If you are a high school student who is planning to apply to Universities in USA for an Undergraduate degree, you might have come across the terms ‘Early Decision’ or ‘Early Action’ and wondered what exactly is it and what’s the difference between the two.
Early Decision and Early action plans are very beneficial for those students who have carefully analyzed their college options and have a strong preference for getting into one particular institution. More and more Universities and colleges including the top schools are offering early admission plans to students, sometimes creating confusion in the minds of the students who are already under pressure of the cumbersome application procedure.
It is very important for the students to note that different schools have different rules and obligations regarding the early admissions but often use the same language to mean completely different things. This means the applicants have to be very careful to avoid any mistakes.
Early Decision Vs Early Action – What’s the difference?
Both ED and EA plans are used to make applications earlier than the application deadlines and thus an early notification of admissions from Universities. The applicants are usually required to apply by October OR November and the Universities will notify you on the acceptance or rejection of your application by December or January. However there is a difference between Early Action and Early Decision.
Early Decision (Binding)
- In an ED plan, you can only apply to one college under the ‘Early Decision’ plan.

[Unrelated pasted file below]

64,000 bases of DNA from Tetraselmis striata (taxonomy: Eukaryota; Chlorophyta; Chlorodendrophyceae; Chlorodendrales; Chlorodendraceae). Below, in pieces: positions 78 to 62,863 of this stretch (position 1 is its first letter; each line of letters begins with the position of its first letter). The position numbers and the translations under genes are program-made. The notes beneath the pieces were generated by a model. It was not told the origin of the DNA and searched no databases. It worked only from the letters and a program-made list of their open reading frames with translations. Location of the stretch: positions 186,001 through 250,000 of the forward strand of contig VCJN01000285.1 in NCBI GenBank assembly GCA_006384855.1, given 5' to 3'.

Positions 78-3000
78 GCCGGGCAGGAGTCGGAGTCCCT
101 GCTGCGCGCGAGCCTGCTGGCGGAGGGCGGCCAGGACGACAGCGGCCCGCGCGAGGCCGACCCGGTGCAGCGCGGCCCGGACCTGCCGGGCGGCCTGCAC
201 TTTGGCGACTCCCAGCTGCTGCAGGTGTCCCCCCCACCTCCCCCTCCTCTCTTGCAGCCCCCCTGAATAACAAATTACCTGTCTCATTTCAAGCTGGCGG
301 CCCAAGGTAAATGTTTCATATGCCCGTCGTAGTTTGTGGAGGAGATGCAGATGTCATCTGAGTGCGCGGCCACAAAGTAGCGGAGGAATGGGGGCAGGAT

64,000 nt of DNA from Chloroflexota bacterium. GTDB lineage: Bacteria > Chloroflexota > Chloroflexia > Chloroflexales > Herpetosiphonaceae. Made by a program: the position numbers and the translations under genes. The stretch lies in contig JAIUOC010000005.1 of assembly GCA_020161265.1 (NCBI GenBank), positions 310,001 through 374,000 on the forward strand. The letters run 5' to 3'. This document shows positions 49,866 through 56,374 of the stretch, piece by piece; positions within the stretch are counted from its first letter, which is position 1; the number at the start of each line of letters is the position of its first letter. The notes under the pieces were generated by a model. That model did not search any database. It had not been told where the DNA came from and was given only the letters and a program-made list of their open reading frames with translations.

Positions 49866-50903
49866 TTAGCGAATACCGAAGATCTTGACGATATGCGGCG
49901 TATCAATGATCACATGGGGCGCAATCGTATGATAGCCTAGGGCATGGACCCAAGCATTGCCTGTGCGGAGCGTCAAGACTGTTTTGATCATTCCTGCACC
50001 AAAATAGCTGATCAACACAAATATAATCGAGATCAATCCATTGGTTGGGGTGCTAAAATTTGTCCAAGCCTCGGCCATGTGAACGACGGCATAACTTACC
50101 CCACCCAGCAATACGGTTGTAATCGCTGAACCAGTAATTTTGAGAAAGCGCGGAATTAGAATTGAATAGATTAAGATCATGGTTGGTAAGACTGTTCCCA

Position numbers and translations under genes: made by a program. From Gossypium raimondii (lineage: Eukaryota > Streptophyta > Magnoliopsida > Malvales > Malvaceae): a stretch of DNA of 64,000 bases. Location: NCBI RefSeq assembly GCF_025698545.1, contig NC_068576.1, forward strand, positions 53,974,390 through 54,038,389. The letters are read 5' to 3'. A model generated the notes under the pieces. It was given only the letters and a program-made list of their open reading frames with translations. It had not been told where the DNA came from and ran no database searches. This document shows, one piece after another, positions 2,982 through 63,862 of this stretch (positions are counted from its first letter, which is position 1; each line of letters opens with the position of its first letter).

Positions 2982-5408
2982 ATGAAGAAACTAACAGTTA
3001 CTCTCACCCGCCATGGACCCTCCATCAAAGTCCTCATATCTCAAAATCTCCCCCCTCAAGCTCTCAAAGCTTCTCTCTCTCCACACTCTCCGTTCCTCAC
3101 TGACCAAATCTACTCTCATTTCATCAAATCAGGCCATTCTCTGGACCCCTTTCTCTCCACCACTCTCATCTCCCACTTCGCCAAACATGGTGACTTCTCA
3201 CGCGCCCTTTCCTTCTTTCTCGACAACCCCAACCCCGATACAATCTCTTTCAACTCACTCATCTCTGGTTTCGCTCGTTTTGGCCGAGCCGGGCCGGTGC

- If the college accepts you and offers you a place with adequate financial aid, then it becomes compulsory for you to go to this school that is why it is called ‘Binding’.
- You can make applications to other schools using the regular admission process or early action, but if the school you applied under ‘Early Decision’ accepts you; you will have to withdraw your applications from the other Universities or colleges.
Early Action (Non-Binding)
- In an EA application, the student applies earlier than the application deadline and hears the response from the University early, but does not have to respond to the admission offer until late.
- A candidate can apply to several colleges under the Early Action plan.
- It is up to the candidate to accept the offer immediately, to reject it or wait until spring to make a decision.
Early Action (Single choice)
- It is the same as a normal Early Action plan, but in this case you can only apply to one School under the Early Action plan.
- You can apply to other colleges under the regular admission.
- If accepted by the University the candidate applied for under single –choice Early Action, you can wait till later to respond to the offer. Unlike Early Decision, it is not binding.
Who should Apply Early/Benefits of applying Early
- A candidate who has done a rigorous research on Universities.
- Is absolutely sure that the particular college is her/his first choice.
- Meets or exceeds the average entry requirements of that school/college in terms of SAT score, GPA etc.
- Has excellent academics and extra-curricular activity preparation
- Students who have written their SAT in October so that scores can reach the Universities in time.
- Applying early and getting a decision can save money and time.
- Reduce stress by already knowing which school you would be attending.
Who should not apply early/Disadvantages of applying early
- Do not apply for early admissions if you are not sure about the Universities.
- Students who still need more time to build up their profile or improve grades are not advised to apply for early admissions.
- Committing to one college puts pressure on students to make serious decisions before they’ve explored all their options.
- Most colleges do not notify ED and EA applicants of admission until December 15. Because of the usual deadlines for applications, this means that if a student is rejected by the ED college, there are only two weeks left to send in other applications